My experience with the Japanese rice wine known as sake was like the average adolescent’s experience with beer: Given the right context (sushi bar/friend’s basement), I’d choke down some of the cheapest and skankiest to get a little buzz. The universal epithet for this kind of warm, throat-scorching sake is “jet fuel.”
Sometimes I’d wander into the sake aisle at my local Japanese supermarket and get scared off by the dozens of bottles, whose labels made German wine labels look easy. (German wine labels may be typeset in that scary Fraktur font, but at least they don’t have kanji on them.)
All that changed a few weeks ago, when I had dinner at Tanuki, a little Japanese drinking/eating establishment in Portland, Oregon. Its proprietor, Janis Martin, grew up in Cleveland and learned to cook there while living with a Japanese-American family. Her food is both traditional and wildly inventive, and her sake list is serious but reasonably priced.
Determined to show us the full range of what fermented rice can offer, Martin served about half a dozen sakes. Some were rough and rustic, others floral and refined. Like beer, I learned, sake is fantastically diverse. If you drink, there is a sake for you.
How to find it, though? And do you have to pay $30 a bottle? I can help.
First, ignore the labels on sake bottles. Even if you learn what the terms mean, they’re almost completely unhelpful. Right now, for example, there are three bottles of sake in my fridge. They range in price from $5 to $16 per half-bottle and in quality from undrinkable to world-class (yes, the world-class one was $16). But all three are in the junmai ginjo category of sake, which roughly translates as “sake from highly polished rice, without added alcohol.”
Nothing on the labels of these bottles will tell you which one you’ll like. The junmai ginjo category encompasses the majority of high-quality sake, but it also includes a lot of low-quality swill. And the category includes both light, floral brews and rustic, earthy ones.
“I always used to think people would just gravitate immediately toward the fruity, gentle sake, but I’ve come across a lot of newbies, if you will, that love the earthier ones,” says Marcus Pakiser, a certified sake sommelier and a buyer for Columbia Distributing in Portland.
To help you figure out your sake-drinking style, Pakiser recommended trying three different sakes. Yuki No Bosha (“Cabin in the Snow”), he says, is a classic gentle sake: “I’ve yet to ever see anyone taste that sake and not go wild.” On the earthy end, Pakiser suggested Taiheikai Tokubetsu Junmai. “And the third sake that I would show them would be a sake called Watari Bune Junmai Ginjo 55,” adds Pakiser. “That one is a very unique sake, in that it’s got kind of a cross between earthy and fruity.”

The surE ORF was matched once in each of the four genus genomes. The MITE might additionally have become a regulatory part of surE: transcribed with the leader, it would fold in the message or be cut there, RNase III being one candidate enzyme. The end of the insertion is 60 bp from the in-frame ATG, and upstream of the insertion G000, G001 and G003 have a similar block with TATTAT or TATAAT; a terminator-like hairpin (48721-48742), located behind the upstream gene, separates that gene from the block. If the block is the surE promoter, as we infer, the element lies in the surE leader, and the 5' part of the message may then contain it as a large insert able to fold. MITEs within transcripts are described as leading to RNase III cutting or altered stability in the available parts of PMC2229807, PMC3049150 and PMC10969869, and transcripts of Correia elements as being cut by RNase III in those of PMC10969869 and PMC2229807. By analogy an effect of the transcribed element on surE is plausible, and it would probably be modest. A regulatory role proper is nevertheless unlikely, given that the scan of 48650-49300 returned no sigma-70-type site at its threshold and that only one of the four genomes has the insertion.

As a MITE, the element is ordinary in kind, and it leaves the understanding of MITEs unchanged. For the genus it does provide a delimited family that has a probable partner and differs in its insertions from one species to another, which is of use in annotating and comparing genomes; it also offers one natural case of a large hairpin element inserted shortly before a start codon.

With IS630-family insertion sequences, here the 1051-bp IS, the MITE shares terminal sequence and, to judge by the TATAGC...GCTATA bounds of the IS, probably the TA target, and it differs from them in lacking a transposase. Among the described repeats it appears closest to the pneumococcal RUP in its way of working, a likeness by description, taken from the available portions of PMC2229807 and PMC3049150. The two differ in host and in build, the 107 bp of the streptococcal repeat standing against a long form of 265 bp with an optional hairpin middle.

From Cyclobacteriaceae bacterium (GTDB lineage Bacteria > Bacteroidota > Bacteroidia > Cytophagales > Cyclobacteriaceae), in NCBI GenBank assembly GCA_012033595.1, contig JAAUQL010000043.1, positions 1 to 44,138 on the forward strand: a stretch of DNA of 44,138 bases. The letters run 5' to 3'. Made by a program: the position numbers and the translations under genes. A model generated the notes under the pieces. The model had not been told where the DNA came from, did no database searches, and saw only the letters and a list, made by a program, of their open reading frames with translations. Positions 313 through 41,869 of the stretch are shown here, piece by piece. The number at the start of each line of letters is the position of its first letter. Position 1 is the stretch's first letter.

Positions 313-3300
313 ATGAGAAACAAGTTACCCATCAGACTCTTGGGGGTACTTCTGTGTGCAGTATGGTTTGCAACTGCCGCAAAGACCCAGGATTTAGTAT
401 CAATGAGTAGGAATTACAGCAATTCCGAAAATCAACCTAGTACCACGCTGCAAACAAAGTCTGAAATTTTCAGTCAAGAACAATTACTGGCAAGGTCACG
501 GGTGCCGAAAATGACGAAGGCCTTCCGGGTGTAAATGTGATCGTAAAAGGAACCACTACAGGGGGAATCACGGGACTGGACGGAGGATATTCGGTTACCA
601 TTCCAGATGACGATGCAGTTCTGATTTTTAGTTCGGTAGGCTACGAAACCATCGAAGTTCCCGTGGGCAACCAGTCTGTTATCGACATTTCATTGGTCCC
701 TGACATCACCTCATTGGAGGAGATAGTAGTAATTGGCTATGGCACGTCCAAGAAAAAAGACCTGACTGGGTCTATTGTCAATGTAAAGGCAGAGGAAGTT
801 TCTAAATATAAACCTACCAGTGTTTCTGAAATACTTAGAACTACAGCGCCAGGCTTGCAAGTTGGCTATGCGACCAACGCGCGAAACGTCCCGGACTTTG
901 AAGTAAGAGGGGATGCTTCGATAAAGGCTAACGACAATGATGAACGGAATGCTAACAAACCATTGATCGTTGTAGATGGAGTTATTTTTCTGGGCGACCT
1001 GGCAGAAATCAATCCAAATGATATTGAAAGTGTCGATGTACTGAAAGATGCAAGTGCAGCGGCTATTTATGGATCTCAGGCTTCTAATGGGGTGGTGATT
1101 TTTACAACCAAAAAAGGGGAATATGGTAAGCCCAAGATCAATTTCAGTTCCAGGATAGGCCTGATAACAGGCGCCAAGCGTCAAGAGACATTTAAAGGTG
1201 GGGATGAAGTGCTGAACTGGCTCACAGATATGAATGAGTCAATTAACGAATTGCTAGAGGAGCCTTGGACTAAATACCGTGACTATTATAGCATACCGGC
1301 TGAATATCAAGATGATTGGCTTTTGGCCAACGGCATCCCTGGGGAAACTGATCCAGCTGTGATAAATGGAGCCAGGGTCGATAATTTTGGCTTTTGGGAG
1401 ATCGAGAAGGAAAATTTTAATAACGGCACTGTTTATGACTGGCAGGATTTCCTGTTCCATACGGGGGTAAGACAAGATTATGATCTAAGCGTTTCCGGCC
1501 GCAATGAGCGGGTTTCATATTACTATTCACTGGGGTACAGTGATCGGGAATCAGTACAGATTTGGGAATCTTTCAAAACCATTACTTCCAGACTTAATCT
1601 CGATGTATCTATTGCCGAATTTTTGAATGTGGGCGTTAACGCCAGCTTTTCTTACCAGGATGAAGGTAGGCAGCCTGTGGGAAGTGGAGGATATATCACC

The Watari Bune (“Ferry Boat”) is the expensive sake in my fridge, and my favorite one so far. Having tasted all three of these sakes, I concur with Pakiser: If you like sake at all, you’ll love one of these.
Everything Pakiser mentioned is of impeccable quality, but it’s all $30 and up for a full-size (720ml) bottle. For penny-pinching advice, I turned to Martin, who serves big bowls of noodles for $5 on Thursdays and sells sake at tiny markups.
“Sake really is very expensive,” she told me by email. “If you drink a lot of sake — I drink a ton — the large-format bottles are the best value and will hold refrigerated for up to two weeks.”
And if you don’t drink a lot of sake?
“If one can’t handle much sake, best thing to do is to go into training until you can,” wrote Martin, who will not be hired by the Office of National Drug Control Policy anytime soon.
But come on — isn’t there something out there for the cheapskate gourmet sake drinker?
There is, and I have to admit that I bought it because of its lovely blue bottle. Hakutsuru Junmai Ginjo is from the largest producer in Japan. A half-bottle costs about $7, and I’ve seen it on sale for as little as $5. It’s really quite good, especially if you like the light, floral style. “Hakutsuru is the best draft sake available,” agrees Martin.
All of the sakes I’ve mentioned are best served chilled, at approximately white-wine temperature. And sake doesn’t age well; it’s best bought at a store with high turnover and consumed promptly, within a week or so of opening.
Finally, if you do happen to like the cheap house sake served at your local sushi place — de gustibus and all that — it is trivially easy and inexpensive to recreate the experience at home. If you don’t have a Japanese or Korean housewares store near you, you can order up everything you need from Korin.com and pay about $7 plus shipping for a sake-pouring bottle (tokkuri) and half a dozen sake cups (o-choko). (I bought some slightly nicer cups to enjoy my slightly nicer sake, and they were all of $1.25 each.)
I haven’t explored sake with non-Japanese/Korean food, and don’t really find the idea appealing. I’ve been drinking it with sukiyaki, noodles, Korean barbecue, mackerel — anything Asian and salty is going to be awesome with sake. I mean, OK, it’s also going to be awesome without sake, but possibly awesomer with.
Matthew Amster-Burton sniffs out the unexplained in the kitchen, the store, and the food world at large. He blogs at Roots and Grubs, podcasts at Spilled Milk, and is the author of the book Hungry Monkey.
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